Little Flour Baking Co. | Behind the Food

In late September, Heather Reamy opened a little drive-up bakery on an alley in downtown Canton. Despite the offbeat location, Little Flour Baking Co. was an instant hit. On many days, Reamy sells out her entire inventory of muffins, scones, éclairs, cookies, danishes, brownies, cupcakes and other sweet temptations in an ever-rotating array of flavors.

In late September, Heather Reamy opened a little drive-up bakery on an alley in downtown Canton.

Despite the offbeat location, Little Flour Baking Co. was an instant hit. On many days, Reamy sells out her entire inventory of muffins, scones, éclairs, cookies, danishes, brownies, cupcakes and other sweet temptations in an ever-rotating array of flavors.

Reamy, 29, posts her menu each morning, Wednesday through Sunday, on the bakery’s Facebook page, and customers phone in their orders for curbside pickup on Rex Avenue between Third and Fourth Streets NE. A one-woman operation, Reamy does all her baking in the former Refuge of Hope kitchen.

Q. So how’s business?
A.
“It’s been crazy. The only thing I have left today are some muffins and two pieces of cheesecake. I see a lot of the same faces every week and sometimes a couple of times a week. Closing on Tuesday to be open on Sunday was a very wise decision. The first Sunday I was open, I completely sold out in 45 minutes.”

Q. What are your most popular items?
A.
“Definitely the danishes and the cinnamon rolls. A close third is the scones. People love scones. People typically buy an assortment box.”

Q. They probably eat something on the drive home!
A.
“I’ve had people send me photos of them eating a brownie in the car.” 

Q. What is your goal with the things you bake?
A.
“I’m very picky. I don’t like when things taste artificial and they lack luster. I want you to taste the ingredients. When you have a croissant or a danish, I want you to taste the butter. I want certain things to look upscale, like my chocolate dipped strawberries with gold flake, but I like other things to be rustic. I just made galettes, which are just pie crust with a filling. I’m constantly taste-testing—it’s a rough job.”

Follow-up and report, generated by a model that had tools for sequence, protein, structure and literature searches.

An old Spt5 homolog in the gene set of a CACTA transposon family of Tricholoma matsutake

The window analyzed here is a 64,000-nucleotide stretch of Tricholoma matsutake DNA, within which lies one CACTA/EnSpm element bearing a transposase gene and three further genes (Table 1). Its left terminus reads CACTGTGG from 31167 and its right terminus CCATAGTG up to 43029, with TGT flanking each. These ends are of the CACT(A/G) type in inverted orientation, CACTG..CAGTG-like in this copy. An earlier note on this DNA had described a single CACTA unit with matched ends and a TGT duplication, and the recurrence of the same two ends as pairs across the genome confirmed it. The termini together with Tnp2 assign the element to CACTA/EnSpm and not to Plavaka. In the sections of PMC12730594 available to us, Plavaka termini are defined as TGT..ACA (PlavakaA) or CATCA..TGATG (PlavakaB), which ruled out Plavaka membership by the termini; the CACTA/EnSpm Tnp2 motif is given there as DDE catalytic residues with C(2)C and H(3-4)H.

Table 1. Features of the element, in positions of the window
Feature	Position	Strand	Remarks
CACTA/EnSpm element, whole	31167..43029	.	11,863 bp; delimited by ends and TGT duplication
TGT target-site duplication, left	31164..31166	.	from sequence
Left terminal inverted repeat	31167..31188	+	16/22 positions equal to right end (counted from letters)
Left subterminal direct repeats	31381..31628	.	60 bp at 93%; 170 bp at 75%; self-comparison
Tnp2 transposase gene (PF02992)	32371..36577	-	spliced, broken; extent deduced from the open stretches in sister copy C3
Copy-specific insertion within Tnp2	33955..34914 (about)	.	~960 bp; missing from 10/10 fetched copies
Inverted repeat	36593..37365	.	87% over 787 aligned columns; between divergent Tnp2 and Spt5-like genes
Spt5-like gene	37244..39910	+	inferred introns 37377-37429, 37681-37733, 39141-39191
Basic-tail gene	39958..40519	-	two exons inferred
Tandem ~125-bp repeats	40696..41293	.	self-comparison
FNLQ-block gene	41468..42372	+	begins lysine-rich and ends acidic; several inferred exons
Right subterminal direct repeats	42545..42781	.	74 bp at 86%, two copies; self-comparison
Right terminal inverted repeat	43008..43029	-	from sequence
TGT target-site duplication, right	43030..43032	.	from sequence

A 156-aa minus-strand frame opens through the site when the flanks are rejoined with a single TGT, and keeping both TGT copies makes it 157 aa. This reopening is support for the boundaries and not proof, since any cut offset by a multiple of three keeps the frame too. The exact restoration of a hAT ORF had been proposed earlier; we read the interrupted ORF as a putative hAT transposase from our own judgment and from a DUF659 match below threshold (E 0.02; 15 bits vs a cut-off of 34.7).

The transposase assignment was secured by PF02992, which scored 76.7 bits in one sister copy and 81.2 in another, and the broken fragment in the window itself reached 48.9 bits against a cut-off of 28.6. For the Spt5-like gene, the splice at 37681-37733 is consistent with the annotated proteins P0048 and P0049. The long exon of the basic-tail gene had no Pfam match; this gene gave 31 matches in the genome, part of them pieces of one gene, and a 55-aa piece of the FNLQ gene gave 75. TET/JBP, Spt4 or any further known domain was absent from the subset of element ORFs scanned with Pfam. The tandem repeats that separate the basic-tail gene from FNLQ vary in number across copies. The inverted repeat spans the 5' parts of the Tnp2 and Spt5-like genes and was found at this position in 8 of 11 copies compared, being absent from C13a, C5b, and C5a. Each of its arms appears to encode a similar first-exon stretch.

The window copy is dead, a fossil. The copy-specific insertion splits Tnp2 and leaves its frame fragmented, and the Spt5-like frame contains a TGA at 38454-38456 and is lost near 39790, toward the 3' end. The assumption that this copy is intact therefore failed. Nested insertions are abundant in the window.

Q. Tell me bout your work day. 
A.
“I typically get here between 4 and 5 a.m., even on mornings when I don’t open until 9. I make everything from scratch, for better or worse. I have a huge danish order for tomorrow, 75 danish, so I’ll be working on that this evening.”

Q. Are you constantly experimenting with recipes and flavors?
A.
“For sure. I have a base recipe for everything I make—scones, cheesecake, muffins—and I just keep switching it up.” 

Q. Was it nerve-wracking opening your business during the middle of a pandemic?
A.
“My husband (Patrick) is a very supportive person. He reassured me that, ‘No matter what, it’s going to be OK.’ There’s no crazy loans or debt, which is a good thing. I wasn’t sure what the response would be for curbside. Some people want the full experience of coming into a bakery, and I get that. But it’s been great. It’s been pretty great, and I’m grateful. Not everybody has been so lucky.”